And to top it all off, the Khan Academy knows how to motivate their students; the Academy has recently introduced badges, which range from ones that are easy to get, providing simple recognition, to badges that are said to take years of work to achieve. The pilot project has seen 5th graders tackle college-level math in order to get a certain badge, as well as watch hours of physics videos; in short, nothing to scoff at. The badges have cool names like Sun and Black Hole.
During a TED talk, Khan says that when students are allowed to learn at their own pace, what can sometimes be branded as gifted or slow during one session will often reverse at another time – suggesting that those who have been granted the labels can be nothing more than victims of the right, or wrong, timing. By allowing all students to learn at their own pace for a protracted period of time, true and stable patterns can be better spotted.
Students are raving about the Khan Academy’s videos, learning more from these 10-minute chunks of information than they do in a regular classroom setting. By allowing each learner to progress at their own speed, monitoring real progress with real data, and motivating students in more ways than one, the Khan Academy is poised to flip the way we currently run our educational system. Bill Gates makes an appearance at the end of the TED video, applauding Khan’s program – a program Khan feels can be started around the country, anytime we’re ready. Khan sees this flip as what will allow classrooms the time to finally spend on those fun educational projects – like building a robot or measuring the height of a hill from its shadow.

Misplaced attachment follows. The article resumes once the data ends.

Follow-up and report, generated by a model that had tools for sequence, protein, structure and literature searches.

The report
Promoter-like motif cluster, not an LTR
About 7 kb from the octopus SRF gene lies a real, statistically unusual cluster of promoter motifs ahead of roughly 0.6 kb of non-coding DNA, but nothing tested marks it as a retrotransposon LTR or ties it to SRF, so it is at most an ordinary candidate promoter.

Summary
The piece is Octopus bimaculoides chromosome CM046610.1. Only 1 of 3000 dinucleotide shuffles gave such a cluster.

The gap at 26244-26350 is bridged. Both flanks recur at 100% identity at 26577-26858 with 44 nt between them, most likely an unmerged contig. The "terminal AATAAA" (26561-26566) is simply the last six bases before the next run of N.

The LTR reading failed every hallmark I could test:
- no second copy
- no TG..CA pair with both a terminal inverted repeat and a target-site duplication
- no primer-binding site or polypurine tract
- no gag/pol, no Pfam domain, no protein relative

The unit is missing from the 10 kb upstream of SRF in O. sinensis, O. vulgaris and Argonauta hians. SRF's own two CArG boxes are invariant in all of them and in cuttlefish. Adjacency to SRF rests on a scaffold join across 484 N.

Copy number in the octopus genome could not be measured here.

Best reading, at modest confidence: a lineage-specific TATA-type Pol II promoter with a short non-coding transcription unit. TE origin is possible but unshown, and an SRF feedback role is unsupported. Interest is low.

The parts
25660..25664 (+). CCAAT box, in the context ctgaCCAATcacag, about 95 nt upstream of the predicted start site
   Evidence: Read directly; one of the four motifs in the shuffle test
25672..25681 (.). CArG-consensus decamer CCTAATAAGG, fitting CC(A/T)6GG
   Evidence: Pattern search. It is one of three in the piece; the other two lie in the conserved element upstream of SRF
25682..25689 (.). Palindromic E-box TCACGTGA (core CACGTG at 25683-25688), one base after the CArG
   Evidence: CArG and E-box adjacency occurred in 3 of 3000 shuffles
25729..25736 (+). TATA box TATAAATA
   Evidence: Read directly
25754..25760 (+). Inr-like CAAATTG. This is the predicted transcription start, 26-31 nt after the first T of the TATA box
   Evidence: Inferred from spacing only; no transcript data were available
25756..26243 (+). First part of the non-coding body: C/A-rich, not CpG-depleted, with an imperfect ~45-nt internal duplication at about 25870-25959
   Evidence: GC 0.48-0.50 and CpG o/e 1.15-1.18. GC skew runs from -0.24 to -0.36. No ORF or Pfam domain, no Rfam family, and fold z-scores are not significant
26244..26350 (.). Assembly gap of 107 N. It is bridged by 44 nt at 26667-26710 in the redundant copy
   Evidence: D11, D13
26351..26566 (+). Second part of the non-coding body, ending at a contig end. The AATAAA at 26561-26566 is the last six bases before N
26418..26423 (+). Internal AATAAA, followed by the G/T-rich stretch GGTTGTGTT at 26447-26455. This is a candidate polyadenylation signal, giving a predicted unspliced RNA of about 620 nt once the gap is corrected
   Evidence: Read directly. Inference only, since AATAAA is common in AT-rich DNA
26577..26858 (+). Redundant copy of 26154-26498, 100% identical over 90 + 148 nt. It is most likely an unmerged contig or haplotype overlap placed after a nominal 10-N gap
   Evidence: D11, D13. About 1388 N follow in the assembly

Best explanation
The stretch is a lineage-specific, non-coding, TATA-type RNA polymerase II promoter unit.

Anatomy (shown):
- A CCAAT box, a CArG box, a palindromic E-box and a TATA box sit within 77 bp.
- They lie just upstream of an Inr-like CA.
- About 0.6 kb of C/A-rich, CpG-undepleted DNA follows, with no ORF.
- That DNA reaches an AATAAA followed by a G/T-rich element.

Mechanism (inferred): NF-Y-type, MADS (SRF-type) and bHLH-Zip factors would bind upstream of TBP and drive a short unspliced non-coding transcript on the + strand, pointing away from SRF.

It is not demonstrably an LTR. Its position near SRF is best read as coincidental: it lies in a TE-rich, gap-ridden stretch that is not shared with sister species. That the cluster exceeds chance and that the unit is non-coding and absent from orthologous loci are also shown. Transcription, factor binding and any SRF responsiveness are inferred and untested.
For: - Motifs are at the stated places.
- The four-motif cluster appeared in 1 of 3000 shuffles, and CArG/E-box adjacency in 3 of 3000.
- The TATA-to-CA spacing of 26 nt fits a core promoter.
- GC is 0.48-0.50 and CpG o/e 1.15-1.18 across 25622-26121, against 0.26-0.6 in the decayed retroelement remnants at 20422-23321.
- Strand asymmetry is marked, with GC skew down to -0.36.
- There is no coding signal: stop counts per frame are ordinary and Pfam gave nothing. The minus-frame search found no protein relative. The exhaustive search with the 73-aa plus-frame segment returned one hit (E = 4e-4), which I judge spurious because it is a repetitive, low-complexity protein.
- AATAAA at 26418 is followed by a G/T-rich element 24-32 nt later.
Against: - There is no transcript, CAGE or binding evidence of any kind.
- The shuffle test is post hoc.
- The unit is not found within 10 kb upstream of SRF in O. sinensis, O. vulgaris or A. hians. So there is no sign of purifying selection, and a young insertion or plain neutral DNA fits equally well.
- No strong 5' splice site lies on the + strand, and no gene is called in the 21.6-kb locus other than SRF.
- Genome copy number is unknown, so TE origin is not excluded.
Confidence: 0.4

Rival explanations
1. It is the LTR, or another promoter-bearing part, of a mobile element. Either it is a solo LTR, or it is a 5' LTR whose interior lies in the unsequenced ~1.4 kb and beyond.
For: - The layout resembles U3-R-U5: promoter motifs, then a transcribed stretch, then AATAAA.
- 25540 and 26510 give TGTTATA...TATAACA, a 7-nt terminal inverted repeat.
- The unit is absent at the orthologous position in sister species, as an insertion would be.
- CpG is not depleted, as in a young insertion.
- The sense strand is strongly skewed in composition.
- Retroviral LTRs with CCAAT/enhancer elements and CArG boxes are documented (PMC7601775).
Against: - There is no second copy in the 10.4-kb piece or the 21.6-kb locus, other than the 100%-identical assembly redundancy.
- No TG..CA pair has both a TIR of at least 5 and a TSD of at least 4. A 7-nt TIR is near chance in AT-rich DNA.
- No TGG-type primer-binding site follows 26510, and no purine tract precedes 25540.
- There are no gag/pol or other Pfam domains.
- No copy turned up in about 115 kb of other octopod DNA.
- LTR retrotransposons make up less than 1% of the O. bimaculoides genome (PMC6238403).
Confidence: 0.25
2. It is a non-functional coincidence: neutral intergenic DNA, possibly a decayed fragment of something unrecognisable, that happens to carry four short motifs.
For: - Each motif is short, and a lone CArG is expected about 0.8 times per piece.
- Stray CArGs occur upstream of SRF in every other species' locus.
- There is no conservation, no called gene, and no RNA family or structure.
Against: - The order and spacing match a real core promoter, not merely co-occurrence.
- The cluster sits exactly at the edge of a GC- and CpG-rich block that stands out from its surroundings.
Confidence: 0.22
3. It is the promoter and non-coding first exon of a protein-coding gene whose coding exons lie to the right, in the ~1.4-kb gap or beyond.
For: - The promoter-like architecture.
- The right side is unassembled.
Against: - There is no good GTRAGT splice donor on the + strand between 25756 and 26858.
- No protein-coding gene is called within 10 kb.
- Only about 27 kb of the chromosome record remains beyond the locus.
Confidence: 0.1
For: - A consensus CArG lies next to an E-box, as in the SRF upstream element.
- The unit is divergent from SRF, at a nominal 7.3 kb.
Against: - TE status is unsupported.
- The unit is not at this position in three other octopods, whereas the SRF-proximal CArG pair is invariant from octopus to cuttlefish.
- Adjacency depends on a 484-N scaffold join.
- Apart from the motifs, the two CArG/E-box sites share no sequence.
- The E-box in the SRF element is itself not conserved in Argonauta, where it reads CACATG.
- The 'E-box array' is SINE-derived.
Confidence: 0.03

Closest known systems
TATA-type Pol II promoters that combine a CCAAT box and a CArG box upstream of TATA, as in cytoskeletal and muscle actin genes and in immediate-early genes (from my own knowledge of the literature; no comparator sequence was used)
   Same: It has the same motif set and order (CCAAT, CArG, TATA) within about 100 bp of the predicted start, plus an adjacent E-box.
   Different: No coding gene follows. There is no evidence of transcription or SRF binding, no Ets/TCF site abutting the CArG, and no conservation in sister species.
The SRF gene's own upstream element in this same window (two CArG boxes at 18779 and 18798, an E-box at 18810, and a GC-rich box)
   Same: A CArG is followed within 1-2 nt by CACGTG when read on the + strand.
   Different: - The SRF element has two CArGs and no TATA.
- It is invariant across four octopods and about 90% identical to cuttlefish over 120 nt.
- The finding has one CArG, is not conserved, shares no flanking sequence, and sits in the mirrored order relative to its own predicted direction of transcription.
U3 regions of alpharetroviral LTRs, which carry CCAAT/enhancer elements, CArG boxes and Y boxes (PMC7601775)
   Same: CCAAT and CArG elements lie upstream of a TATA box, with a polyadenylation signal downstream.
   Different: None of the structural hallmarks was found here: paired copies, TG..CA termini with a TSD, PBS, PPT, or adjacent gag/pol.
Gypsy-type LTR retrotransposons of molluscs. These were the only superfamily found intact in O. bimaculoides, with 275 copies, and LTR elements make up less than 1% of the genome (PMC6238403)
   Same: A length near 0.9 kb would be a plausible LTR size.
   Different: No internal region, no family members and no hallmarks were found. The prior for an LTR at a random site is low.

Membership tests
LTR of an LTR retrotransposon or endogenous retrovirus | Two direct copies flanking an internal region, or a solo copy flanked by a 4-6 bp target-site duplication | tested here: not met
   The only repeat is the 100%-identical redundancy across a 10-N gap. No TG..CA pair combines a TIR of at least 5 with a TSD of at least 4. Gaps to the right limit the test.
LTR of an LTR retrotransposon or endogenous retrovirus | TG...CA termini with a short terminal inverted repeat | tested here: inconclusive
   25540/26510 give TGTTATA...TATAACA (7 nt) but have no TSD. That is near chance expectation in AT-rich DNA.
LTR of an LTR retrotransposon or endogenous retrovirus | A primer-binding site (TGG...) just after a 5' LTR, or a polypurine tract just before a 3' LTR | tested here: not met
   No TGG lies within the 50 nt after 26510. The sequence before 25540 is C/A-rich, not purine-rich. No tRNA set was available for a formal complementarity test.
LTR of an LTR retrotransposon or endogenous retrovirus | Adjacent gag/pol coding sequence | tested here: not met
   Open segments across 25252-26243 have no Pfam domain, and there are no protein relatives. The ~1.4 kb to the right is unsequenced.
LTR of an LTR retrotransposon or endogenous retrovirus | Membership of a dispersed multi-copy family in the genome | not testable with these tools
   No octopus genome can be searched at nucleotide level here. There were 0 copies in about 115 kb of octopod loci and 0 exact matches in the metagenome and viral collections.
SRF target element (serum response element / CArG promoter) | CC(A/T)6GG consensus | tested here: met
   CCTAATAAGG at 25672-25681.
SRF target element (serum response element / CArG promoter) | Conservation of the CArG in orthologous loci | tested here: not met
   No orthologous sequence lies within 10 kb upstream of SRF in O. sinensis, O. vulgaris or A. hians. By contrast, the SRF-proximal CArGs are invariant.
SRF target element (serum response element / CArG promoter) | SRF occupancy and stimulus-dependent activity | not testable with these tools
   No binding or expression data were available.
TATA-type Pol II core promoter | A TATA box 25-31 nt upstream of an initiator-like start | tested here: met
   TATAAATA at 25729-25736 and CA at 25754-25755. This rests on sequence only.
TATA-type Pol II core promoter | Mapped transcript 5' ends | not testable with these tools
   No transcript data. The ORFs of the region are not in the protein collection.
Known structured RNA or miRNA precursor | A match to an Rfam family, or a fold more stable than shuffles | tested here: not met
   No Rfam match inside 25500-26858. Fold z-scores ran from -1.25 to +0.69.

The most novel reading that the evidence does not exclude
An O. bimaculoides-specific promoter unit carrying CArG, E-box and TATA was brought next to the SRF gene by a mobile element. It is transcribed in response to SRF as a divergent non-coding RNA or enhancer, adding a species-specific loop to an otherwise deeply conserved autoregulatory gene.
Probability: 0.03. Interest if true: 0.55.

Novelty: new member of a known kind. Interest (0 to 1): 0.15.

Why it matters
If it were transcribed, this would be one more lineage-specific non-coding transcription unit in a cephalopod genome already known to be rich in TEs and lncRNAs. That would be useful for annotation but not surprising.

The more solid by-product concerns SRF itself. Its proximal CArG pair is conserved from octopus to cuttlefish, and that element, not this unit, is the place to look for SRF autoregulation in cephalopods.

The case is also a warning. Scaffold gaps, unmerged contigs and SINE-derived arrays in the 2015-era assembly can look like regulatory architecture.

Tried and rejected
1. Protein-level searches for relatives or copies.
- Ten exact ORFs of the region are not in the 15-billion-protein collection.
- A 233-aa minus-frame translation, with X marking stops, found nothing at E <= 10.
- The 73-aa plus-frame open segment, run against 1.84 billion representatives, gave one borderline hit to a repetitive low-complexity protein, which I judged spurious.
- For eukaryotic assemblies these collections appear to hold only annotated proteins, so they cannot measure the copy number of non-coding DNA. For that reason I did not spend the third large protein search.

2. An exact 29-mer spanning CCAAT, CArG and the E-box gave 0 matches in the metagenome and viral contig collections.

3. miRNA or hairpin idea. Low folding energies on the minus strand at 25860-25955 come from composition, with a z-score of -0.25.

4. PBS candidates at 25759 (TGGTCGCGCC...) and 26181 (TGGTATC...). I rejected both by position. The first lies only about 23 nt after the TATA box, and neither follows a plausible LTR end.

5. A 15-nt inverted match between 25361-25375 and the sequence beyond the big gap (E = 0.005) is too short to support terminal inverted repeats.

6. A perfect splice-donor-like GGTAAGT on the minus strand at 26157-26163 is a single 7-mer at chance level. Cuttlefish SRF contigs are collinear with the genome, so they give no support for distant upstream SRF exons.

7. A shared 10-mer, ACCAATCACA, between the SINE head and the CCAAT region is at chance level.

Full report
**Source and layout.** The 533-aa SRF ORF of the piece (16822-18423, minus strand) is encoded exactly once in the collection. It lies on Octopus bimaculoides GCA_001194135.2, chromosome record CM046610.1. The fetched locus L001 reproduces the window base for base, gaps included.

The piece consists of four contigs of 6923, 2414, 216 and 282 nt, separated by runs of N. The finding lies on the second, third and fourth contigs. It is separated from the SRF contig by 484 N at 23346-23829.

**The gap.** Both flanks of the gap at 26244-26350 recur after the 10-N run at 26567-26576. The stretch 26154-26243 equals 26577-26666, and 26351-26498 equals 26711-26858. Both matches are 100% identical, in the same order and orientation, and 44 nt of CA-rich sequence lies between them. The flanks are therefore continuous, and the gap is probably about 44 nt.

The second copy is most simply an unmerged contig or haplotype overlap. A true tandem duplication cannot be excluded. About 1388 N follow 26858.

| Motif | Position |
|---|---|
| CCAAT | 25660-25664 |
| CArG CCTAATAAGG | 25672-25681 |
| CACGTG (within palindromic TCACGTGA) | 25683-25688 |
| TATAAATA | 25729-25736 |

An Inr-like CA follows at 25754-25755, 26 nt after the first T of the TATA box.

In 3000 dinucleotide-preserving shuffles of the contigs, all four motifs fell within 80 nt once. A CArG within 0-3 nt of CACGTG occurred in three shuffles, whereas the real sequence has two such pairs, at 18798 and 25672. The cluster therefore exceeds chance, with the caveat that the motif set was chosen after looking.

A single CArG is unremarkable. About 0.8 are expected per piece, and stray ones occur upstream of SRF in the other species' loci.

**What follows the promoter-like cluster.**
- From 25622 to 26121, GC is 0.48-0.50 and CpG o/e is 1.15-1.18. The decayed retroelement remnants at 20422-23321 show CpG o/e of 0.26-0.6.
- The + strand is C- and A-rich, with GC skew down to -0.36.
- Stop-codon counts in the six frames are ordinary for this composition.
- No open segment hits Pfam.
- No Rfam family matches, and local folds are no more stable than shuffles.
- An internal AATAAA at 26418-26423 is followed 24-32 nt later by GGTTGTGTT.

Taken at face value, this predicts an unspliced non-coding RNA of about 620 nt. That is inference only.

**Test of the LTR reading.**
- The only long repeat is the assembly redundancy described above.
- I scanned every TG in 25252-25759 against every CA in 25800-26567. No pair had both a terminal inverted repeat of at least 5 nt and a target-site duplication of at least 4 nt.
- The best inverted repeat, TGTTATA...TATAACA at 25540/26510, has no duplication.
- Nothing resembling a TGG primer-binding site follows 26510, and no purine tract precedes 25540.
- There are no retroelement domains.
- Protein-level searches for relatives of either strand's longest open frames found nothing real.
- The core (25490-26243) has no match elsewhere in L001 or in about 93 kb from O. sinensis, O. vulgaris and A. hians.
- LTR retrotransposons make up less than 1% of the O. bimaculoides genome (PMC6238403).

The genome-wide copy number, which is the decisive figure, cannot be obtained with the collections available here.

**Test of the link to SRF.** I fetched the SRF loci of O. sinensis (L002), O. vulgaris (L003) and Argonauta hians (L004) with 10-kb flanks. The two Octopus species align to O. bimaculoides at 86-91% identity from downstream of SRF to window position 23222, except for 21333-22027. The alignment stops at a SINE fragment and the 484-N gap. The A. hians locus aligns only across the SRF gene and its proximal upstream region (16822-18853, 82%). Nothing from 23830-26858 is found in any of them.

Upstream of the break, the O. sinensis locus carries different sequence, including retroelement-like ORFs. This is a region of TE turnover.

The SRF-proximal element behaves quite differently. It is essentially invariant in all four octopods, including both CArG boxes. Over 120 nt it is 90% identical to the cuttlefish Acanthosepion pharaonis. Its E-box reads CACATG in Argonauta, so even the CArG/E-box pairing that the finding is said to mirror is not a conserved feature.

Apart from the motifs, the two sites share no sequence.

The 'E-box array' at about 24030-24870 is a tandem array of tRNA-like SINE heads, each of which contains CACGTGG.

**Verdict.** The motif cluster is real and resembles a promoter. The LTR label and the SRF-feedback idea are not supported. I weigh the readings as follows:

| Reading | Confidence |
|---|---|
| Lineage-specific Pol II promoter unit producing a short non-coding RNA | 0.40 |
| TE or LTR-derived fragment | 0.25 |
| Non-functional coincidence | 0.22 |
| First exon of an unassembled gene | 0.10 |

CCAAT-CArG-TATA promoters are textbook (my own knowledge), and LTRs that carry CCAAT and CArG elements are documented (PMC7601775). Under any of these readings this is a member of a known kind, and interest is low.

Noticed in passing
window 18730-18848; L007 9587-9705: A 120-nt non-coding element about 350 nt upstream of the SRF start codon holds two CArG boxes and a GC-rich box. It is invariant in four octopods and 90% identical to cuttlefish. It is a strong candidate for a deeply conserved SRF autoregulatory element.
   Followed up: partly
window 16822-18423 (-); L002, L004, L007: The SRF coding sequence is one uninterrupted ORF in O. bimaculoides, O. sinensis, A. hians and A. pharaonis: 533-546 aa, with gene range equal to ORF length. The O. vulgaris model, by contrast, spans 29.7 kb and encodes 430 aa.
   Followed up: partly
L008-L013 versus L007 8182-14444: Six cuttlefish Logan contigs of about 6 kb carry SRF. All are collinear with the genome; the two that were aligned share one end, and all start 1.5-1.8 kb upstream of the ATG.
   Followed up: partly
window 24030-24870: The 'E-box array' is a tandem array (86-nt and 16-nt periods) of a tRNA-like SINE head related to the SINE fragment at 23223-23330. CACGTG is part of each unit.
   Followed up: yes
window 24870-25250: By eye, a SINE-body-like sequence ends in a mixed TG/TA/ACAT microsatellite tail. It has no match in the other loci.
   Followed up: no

Profiled in Bill Gates’ personal blog, videos of the participants show what they’re thinking about the new curriculum. Here, students talk of watching videos on rainy days to get their “energy” up and earn more points; they list badges they want to get, and speak of math being a necessary tool for life, not just a subject to get through.
Students also love that the program supports individual learning styles – like daydreamers; and that students at any level can work at a difficulty they want, producing an extremely personalized result. As one teacher points out, teaching to the average level of understanding leaves out two-thirds of the class; the Khan Academy overcomes this, providing students with appropriate challenges and enhanced opportunity.
Teachers also talk about how they love the program because their kids are having fun – they’re telling their parents of what they learned in class, and are also able to show them. They say the majority of their class now loves math, instead of just a couple kids. Most importantly, the teachers love how the program allows them to visualize the kids’ success, and how they can give the students themselves this information to look over. Apparently, it would take the teachers hours to compile the amount of data the software gathers and displays. The Khan Academy shows personal and group data very coherently, allowing in-depth analysis of progress as well as where each student spends their time; this way, teachers know exactly how to help each student.
After such raving reviews of the Khan Academy, it’s only a matter of time before our educational methods are transformed, and technology figures larger in the classroom with optimal results.